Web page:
Hacham Simcha Luzzatto

5342 - 5 Kislev 5423      

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Hacham Simcha Luzzatto

A Short Tribute

Hacham Simcha Luzzatto, the son of Hacham Yitzhak Luzzatto, was born in Venice, in 1582. As a youth, he studied at the Yeshiva Clalit in Venice, whose heads served as the city’s rabbinic committee. Among his teachers, one can count Hacham Samuel Yehuda Katzenellenbogen, Hacham Avigdor Cividal and Hacham Yaacov Hailperon, author of Nachlat Yaacov. Hacham Yaacov Hailperon, who was a friend of the Luzzatto family, engaged Hacham Simcha Luzzatto in his studies, and brings a few of the latter’s Reponsa in his book. Hacham Simcha Luzzatto, in addition to his Torah studies, delved into general knowledge and was particularly proficient in the domain of international trade, as can be seen from his book, An Essay on the Jews of Venice.

In 1606, at the age of 24, he was appointed one of the seven Venice Sages. In 1638, his Essay on the Jews of Venice was published in Italian. Among his more famous Responsa, some of which remain in manuscript form to this day, one counts Mish’an Mayim, in which he approves the kashrut of the ritual bath in the city of Rajo, Syria, overruling preceding disqualifications.

In 1648, following the death of Hacham Yehuda Arieh of Modena, he was chosen to serve in his stead as the city Rabbi and as Head of the Clalit Yeshiva. Part of his public role involved leading the Great Synagogue of Venice. He founded the Eretz Israel Talmud Torah – a study house for those who had reached Venice from the Land of Israel and the Middle East, Venice being an international trade center during that period. He was party to the founding of the Prisoners Release committee. In his rulings he emphasized the advantage of permitting (rather than forbidding), and thus allowed crossing the river in a ferry on the Sabbath; he endorsed values of religious moderation and interfaith tolerance, and mediated between Enlightenment values and Torah values. In 1661, he published a book of philosophy in Italian on human knowledge according to Socrates.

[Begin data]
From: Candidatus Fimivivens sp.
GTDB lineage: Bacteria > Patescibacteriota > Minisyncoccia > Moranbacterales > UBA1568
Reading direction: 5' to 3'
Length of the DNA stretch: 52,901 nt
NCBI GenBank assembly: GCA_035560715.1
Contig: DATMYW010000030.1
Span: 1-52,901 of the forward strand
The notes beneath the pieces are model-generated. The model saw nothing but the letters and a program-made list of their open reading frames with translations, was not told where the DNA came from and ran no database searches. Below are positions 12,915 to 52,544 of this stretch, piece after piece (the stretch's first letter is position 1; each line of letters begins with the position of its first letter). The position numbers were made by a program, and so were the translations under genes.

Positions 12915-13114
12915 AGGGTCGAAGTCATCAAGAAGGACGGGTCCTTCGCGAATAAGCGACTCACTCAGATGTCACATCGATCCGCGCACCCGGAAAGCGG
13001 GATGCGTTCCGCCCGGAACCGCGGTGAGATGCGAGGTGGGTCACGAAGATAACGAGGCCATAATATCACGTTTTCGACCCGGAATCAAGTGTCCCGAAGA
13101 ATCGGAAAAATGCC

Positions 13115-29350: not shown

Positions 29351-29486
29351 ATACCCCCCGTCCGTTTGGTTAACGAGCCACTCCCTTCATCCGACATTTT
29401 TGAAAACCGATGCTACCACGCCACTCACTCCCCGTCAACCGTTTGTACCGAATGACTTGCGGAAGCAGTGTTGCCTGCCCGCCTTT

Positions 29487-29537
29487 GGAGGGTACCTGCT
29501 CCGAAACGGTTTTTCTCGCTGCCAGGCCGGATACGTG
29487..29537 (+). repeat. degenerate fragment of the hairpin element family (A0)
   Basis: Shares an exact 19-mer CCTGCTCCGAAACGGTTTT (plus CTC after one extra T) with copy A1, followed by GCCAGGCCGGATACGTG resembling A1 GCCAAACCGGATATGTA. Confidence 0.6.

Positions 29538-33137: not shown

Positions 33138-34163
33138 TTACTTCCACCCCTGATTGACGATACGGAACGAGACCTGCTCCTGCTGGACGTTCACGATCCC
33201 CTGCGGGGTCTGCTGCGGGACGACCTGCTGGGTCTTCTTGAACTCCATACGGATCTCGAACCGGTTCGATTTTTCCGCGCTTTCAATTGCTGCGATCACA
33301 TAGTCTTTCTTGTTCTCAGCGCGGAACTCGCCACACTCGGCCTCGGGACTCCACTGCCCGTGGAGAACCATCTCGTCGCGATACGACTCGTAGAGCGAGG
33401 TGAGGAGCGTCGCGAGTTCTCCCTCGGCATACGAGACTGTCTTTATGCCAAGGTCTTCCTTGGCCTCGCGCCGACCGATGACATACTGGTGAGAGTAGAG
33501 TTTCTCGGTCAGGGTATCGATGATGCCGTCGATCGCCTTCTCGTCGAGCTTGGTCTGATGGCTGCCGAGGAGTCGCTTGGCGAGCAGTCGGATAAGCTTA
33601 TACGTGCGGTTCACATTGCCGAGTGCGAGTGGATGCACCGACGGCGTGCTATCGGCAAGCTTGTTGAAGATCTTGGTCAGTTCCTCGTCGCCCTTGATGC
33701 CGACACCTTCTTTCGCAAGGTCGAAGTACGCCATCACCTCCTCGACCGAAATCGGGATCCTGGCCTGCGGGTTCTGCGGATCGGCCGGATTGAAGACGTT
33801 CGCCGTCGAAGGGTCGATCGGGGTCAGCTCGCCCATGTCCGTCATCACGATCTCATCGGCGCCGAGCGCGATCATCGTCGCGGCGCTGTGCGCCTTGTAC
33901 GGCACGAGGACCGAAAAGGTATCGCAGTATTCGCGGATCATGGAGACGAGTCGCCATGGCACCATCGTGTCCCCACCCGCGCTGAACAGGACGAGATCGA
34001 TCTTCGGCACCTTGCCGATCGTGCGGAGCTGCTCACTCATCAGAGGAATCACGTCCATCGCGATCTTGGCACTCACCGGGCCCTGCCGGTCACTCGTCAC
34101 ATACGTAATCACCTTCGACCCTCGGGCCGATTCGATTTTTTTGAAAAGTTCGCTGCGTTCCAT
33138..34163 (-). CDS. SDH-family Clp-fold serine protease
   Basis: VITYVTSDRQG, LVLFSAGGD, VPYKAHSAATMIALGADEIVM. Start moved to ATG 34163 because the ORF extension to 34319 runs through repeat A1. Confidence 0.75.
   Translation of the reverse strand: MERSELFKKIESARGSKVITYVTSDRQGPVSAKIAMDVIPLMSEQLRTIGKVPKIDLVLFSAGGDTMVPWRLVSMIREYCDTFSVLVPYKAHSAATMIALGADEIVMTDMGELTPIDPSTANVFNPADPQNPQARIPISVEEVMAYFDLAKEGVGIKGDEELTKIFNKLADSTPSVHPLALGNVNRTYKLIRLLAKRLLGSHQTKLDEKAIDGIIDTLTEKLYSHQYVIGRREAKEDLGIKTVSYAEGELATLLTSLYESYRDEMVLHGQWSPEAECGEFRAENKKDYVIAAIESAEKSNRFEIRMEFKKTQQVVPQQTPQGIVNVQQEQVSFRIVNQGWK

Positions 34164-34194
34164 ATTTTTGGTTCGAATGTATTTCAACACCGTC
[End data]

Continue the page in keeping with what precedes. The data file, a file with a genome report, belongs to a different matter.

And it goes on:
Hacham Simcha Luzzatto passed away on 5 Kislev 5423 (1663) and was buried in the Lido cemetery, adjacent to the city of Venice.

A few quotes from the Rabbi on 'Israel and the Nations' in which he teaches the Torah’s direct approach to the Nations of the World at the time it was given

He thus ruled that people act in goodwill and in unity, for each person must consider him or herself as a citizen of the one and only republic. He planted this love and charity in human hearts at the very moment that He taught humans knowledge and wisdom, for humankind in its entirety was created by a single God. The progeny of one father, Adam, followed by the seed of Noah, went on to multiply throughout the world. The prophet Malachi therefore said, “Have we not all one Father? Did not one God create us? Why do we break faith with one another, profaning the covenant of our ancestors?” The prophet calls on two reasons to arouse this tender love in our hearts, to love one another and not wound the other’s pride. First, because humankind all share the same Father and are therefore equally related and free; they share in the inheritance of the world's riches. Second, because we are the creations of one God and His creatures… All we have said thus far serves as faithful testimony and true evidence that a Jew may not commit any inhumane deed that risks hurting any person whose customs and faith differ from Jewish customs and faith – so long as the person respect moral laws and not be impaired by any evil or ugly attribute, and that the person recognize supreme Providence and its unlimited power, its ultimate mercy and wisdom, that rules and sustains everything.

Essay on the Jews of Venice (translated from Italian), Iyunim 13 – 14, pp. 113- 121, Bialik Institute, Jerusalem, 1950